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Successful performance management for individual employees and the organization involves activities that ensure goals are met efficiently and effectively. It’s an ongoing process essential to achieving the company mission that is much more than just an end-of-year performance review.
picture thanks to insperity.com
In an effort to keep employees engaged in their work and help them grow into leaders within the company, invest in them (and they’ll invest in you). Here are four ways to successfully develop employees throughout the year:
1. Set (and update) quarterly goals.
The key to actively developing employees is to set relevant, achievable goals. Rather than setting and discussing employee goals on an annual basis, optimize the development and review process by creating quarterly goals. Not only are these goals easier to set, but the results of those goals are easier to see.
Quarterly goals are the quickest, easiest way for employees to derive meaning from what they do every day. As such, creating achievable goals and monitoring employee progress is crucial. With the rate at which we do business, some goals may no longer be relevant. Revisiting these goals every quarter highlights which goals need to be updated, ensuring that individual work goals are still applicable.
2. Offer opportunities for individual growth.
Employees want training. In fact, Glassdoor’s 2014 Employment Confidence Survey of nearly 1,000 U.S. employees found that 63 percent of employees believe learning new skills or receiving special training is most important to advancing their career. Providing coaching and development activities throughout the year is an employer’s best bet to create a culture of growth within the workplace. To ensure continuous growth and improve productivity, equip employees with the tools they need to function at peak performance.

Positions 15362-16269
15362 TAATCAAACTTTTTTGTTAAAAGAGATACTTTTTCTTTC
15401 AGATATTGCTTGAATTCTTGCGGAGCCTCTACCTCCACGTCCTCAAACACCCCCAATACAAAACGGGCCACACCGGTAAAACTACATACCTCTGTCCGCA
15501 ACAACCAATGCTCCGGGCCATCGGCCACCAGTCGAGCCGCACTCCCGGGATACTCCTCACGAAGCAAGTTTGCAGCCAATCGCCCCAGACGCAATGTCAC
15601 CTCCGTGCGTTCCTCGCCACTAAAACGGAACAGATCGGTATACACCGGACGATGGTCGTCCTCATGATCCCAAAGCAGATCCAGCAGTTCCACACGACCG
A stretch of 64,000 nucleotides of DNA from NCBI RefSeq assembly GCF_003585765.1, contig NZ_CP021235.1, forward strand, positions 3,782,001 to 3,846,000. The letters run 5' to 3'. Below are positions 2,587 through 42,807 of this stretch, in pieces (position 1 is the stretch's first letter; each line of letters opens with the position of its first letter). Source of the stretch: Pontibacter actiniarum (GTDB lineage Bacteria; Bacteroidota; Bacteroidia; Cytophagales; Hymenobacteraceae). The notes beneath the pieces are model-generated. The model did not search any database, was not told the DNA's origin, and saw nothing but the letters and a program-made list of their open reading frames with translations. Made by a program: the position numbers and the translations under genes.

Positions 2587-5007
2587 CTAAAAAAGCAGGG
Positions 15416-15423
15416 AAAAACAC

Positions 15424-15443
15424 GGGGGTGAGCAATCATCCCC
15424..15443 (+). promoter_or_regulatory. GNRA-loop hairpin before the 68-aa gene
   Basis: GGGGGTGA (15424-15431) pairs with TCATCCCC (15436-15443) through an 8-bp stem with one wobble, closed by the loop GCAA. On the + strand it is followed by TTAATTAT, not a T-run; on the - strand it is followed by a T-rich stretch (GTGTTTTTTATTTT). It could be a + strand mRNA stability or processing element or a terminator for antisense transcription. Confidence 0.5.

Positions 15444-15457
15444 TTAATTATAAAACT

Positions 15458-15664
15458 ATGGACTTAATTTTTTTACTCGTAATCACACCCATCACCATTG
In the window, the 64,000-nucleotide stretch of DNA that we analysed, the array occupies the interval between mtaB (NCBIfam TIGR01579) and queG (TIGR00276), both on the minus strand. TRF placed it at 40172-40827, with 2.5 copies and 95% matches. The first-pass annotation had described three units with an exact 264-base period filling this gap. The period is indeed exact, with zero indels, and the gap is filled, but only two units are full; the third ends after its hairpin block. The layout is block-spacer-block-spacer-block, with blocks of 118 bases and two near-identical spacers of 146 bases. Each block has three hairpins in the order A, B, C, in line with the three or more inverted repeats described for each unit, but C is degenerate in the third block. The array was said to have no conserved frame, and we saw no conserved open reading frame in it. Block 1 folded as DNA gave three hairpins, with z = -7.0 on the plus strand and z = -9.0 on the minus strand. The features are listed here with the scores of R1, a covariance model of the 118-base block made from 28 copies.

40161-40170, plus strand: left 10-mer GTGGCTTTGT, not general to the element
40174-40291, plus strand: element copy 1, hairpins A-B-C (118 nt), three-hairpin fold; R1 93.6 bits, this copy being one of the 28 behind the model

For starters, consider creating a mentorship program in which new hires work closely with a seasoned employee within their department. Doing so will get new employees on the right track sooner. Additionally, develop current employees by offering regular training programs or bringing in industry professionals for “lunch and learns.”
Most importantly, encourage employees to seek professional development opportunities outside of the workplace. Employees that aim to advance their skills in their own time will likely become great leaders and should be recognized for their efforts.
3. Hold frequent review meetings.
Although performance management should be a continuous process, only 2 percent of employers provide ongoing feedback to their employees, a 2013 survey of 803 HR professionals by the Society for Human Resource Management (SHRM) revealed. How can we expect our employees to improve if we only offer them constructive feedback once or twice a year?
In place of the year-end performance review that employers and employees both tend to dread, opt for a more frequent, informal review process. The purpose of the review shouldn’t be to evaluate employees, as that is the aspect of performance reviews that causes the most anxiety. Rather, it should focus on developing employees.
Try asking employees questions that target where there is room for improvement, such as, “What skills would you most like to improve on?” or “What can I do to help you?” Reviewing employee progress more frequently not only makes the process less intimidating, but it can help employers and employees set better goals for the future.
4. Automate the review process.
Automating portions of the performance review process can help employers and employees alike by making more time for other aspects of employee reviews. Possibly the biggest advantage of implementing technology into the review process is making it so much easier for employees and their managers to track and measure performance year-round.
Say goodbye to the days of trying to scramble a year’s worth of necessary data for performance reviews. Automating the process makes for a more efficient performance review and fosters a comprehensive development process.
Source: written by Matt Straz